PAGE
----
1 December 2023

Minimally invasive heart valve surgery enables patient to recover quickly for brain op


A patient who only discovered he needed heart surgery when he was about to go under the knife for a brain operation has benefitted from a cutting-edge cardiac surgery technique which enabled him to recover quickly and undergo both operations successfully within a matter of weeks.

John Harper, 69, of Chesterfield, was in hospital to have a benign brain tumour removed when he informed the anaesthetist that he had been suffering from breathlessness.

An echocardiogram scan revealed that John, a former miner and upholsterer, had severe aortic stenosis, which is a narrowing of the aortic heart valve, and needed to have the valve replaced before he could undergo the brain surgery. Without treatment, Aortic Stenosis leads to heart failure and 50% of patients don’t live beyond two to three years.

Because of the need for John to recover quickly for his brain surgery, he was immediately referred to cardiac surgery and was assessed the next day for his suitability for minimally invasive surgery called an Anterior Right mini-Thoracotomy aortic valve replacement (ART-AVR). Sheffield is one of only very few UK centres that can perform this surgery, which requires only a 5cm incision on the right of the chest between the ribs, thereby avoiding cutting through the breastbone. In the majority of patients it has a recovery time of less than two weeks, compared to a recovery time of six weeks to 3 months for traditional open surgery which involves sawing through the breastbone with a long incision being made down to the top of the tummy.

A pre-operative CT scan showed that the position of John’s aorta was suitable for the ART-AVR approach, and the operation went ahead just four days later at the Northern General Hospital. The valve was replaced with a new one made from bovine pericardium (pericardium is a fibrous membrane that surrounds the heart).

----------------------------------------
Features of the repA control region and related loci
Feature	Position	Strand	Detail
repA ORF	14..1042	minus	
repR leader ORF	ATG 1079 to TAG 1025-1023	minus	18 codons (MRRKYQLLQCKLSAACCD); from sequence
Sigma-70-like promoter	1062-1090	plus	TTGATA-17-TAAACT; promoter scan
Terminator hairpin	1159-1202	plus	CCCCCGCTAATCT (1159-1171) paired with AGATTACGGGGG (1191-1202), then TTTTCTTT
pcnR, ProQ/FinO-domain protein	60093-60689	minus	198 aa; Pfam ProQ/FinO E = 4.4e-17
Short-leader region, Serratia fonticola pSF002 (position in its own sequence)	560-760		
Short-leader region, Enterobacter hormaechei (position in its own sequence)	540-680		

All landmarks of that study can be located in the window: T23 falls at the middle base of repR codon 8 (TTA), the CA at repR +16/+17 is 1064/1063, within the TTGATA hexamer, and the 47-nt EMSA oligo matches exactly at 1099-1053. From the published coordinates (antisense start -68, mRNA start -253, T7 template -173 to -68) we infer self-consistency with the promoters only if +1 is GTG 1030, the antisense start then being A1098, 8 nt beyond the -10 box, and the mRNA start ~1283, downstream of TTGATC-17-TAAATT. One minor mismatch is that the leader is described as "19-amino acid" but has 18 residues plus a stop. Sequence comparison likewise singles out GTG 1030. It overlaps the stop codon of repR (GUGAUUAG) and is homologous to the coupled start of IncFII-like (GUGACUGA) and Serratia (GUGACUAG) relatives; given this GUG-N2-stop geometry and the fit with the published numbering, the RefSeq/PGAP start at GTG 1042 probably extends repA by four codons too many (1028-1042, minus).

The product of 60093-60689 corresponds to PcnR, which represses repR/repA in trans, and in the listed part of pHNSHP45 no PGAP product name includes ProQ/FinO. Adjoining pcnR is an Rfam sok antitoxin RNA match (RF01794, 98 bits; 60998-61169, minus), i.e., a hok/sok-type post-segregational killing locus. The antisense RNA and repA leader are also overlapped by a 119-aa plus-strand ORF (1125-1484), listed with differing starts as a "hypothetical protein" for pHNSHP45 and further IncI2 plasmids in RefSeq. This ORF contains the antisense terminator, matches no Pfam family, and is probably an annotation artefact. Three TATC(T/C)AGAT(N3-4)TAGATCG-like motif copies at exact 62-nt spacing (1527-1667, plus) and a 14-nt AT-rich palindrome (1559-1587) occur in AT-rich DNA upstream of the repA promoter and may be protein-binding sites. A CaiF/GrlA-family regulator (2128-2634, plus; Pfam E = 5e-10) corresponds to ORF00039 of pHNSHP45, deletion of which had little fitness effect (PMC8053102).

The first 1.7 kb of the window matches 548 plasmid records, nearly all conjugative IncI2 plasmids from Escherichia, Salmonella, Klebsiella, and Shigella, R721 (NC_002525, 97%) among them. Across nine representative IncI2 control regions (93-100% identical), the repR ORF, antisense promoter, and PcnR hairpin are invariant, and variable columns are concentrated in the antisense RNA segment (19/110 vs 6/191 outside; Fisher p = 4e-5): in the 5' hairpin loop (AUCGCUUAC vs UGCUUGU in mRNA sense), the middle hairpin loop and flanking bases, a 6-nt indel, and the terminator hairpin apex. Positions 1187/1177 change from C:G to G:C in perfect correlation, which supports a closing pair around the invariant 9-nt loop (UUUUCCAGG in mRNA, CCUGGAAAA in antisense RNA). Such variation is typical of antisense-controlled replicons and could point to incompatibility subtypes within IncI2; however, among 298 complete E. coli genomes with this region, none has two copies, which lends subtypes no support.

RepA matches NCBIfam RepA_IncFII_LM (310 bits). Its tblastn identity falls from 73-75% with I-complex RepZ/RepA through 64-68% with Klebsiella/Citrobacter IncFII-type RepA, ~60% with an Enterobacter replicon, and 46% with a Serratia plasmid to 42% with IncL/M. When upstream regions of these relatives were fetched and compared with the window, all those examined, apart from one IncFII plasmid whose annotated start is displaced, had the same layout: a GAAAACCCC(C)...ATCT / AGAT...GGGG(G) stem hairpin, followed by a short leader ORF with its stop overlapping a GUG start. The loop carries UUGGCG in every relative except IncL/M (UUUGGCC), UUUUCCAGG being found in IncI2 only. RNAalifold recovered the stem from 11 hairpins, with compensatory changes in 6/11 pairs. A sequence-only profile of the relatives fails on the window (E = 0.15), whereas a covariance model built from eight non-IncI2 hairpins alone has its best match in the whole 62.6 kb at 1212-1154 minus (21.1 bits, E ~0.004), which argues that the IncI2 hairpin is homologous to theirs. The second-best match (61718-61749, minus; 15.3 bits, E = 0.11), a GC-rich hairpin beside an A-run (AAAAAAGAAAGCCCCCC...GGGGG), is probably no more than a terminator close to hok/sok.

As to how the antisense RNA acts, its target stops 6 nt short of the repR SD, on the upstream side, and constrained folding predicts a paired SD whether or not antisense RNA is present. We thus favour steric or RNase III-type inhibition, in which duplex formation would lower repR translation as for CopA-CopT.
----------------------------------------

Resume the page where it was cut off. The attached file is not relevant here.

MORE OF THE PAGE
John’s recovery was so fast that he was discharged from hospital three days after the surgery, and was back on his bicycle, in his allotment and at his part-time job in a shop within a week.

Two and a half months later he was able to undergo the brain tumour surgery at the Royal Hallamshire Hospital, which was also successful.

John said: “I was in hospital for the brain operation, and I was only about 30 minutes away from the surgery, when I told the anaesthetist I’d been getting breathless about four weeks before. I thought it would be something to do with the brain tumour, but they said they needed to check it out and found out I had a dicky ticker, and couldn’t go ahead with the brain op until I had the heart op.

“From there it all happened very quickly but I took it in my stride, it had to be done. It was more stressful for my wife, Janet.

“The heart surgery was nowt, just like having a tooth out. It was fantastic. I just have a couple of dots where the cut was made but the scar has healed. Within a few days I was back pottering about on the allotment and my pushbike. I feel like I did when I was 50.”
Consultant Cardiac Surgeon Mr Govind Chetty performed John’s operation.

He said: “The main benefit of the minimally invasive ART surgery is that recovery is rapid – there is no big cut, minimal bleeding and no damage to the breastbone. This means there is a shorter stay in hospital and patients can get back to normal activity quickly. For example, they can drive within two weeks and potentially be back at work as well, depending on the nature of their job.

“In Mr Harper’s case, it meant that he was able to have his brain surgery done soon afterwards. It is great to see that he is doing so well.”

Sheffield Teaching Hospitals runs a cadaveric course that teaches other surgeons the technique and other surgeons from overseas have visited the cardiac surgery unit to learn this procedure first hand in theatre.

Mr Chetty said: “We are proud to be one of the few UK centres that can offer this surgery to suitable patients and share our skills and knowledge with colleagues from other parts of the UK and the world.”

Photo: John Harper with Consultant Cardiac Surgeon Govind Chetty



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